I’ve developed a nasty habit.
I began an online master’s program a few years ago, and as a result, I end up sitting in front of the computer a lot, watching lectures. My hands aren’t always very busy as I sit there, and they became restless.
So they began this habit of plucking out my facial hair, one at a time.
I wear a mustache and goatee, and I think it all began with just stroking the facial hair. But then my fingers discovered that there is occasionally an exceptionally long hair that got missed when I was shaving. Unable to tolerate such abnormality, my finger tips single it out, and pluck it. A quick, sharp tug, a momentary wince, and the violator is removed.
But it doesn’t stop there.
You see, whenever the longest hair is plucked out, there is always a next longest hair to be found. Ever intolerant, my fingers once again work to implement more acceptable grooming.
On and on it goes, locating the longest and removing it with surgical precision. Sometimes my classes last two and a half hours, and meet twice a week.
I marvel that I have any facial hair left at all.
Truth be told, I do have some exceptionally thin patches, primarily on the right side, where my mustache and goatee meet.
It strikes me that my fingers’ hunger for plucking is insatiable. No matter how many hairs are removed, still there is the desire to continue on. One by one, yanking, jerking, wincing–the longest hairs are removed, a runner-up is identified, and it too is quickly unseated.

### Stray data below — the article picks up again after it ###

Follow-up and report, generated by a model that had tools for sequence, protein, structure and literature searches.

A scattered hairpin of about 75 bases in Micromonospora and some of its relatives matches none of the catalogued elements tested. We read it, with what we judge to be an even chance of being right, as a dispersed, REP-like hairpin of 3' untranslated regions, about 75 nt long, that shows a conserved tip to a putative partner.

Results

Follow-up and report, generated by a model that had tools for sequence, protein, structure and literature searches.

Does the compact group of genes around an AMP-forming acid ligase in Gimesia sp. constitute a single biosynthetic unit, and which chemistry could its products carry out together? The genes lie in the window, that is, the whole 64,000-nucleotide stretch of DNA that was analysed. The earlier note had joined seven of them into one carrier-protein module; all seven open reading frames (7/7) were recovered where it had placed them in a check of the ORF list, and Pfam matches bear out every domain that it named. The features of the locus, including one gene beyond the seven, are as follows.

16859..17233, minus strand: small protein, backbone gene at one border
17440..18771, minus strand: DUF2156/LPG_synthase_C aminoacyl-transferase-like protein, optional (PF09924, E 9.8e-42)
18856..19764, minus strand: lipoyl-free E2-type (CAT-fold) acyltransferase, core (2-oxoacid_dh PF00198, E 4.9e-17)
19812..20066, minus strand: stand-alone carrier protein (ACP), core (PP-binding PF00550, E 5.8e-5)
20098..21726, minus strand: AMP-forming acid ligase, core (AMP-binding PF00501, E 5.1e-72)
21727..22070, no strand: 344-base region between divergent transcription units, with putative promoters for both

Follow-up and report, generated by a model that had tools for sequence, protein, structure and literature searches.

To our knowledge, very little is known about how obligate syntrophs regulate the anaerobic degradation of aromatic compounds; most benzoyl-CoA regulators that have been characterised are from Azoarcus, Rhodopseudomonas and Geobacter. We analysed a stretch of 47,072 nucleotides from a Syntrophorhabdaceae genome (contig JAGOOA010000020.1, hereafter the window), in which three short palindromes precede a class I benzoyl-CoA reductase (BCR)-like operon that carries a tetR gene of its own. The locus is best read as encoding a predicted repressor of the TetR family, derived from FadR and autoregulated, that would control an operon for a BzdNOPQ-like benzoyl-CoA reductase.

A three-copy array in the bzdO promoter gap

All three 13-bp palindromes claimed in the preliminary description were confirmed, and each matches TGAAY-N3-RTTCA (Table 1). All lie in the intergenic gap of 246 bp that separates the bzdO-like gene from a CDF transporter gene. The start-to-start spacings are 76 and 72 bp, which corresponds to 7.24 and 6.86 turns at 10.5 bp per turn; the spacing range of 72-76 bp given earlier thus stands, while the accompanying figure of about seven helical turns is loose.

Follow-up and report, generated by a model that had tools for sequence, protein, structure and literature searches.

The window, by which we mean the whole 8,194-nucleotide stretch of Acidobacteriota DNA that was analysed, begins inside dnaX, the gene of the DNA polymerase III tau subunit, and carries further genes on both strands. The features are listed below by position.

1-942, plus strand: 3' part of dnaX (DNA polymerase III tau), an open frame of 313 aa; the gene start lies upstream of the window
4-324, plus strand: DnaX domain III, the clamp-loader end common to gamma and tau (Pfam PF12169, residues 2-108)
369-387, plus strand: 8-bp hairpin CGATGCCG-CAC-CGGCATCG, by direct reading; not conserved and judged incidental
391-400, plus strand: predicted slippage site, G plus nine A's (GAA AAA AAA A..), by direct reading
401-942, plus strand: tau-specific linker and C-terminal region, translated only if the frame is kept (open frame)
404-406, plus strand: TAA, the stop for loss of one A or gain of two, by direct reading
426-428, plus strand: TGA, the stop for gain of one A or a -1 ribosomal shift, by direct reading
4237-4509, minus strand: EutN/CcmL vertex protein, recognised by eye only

There is no ending. There is no satisfaction.
It highlights for me the potentially insidious nature of habits, especially bad ones. Over and again we repeat a behavior, not seeking real fulfillment (except of the most temporary kind), but rather just seeking engagement in the action. A need, a desire to do this thing…and once it’s done, to do it again. And again.
Even worse: I know that I’m doing this. I sometimes find single facial hairs on the floor–remnants of my previous indulgence. With great intentionality, I can stop myself from plucking, I can pick up a pencil and take notes during my class sessions instead. But without this effort, my facial hair becomes thinner, and thinner.
It scares me to think of what other habits I may have adopted, which–in the midst of thoughtlessness and apathy–could be causing any sort of harm to myself or others. Undoubtedly there is waste. Certainty there is ridiculosity (yes, that’s a word). And there is no shortage of plucking.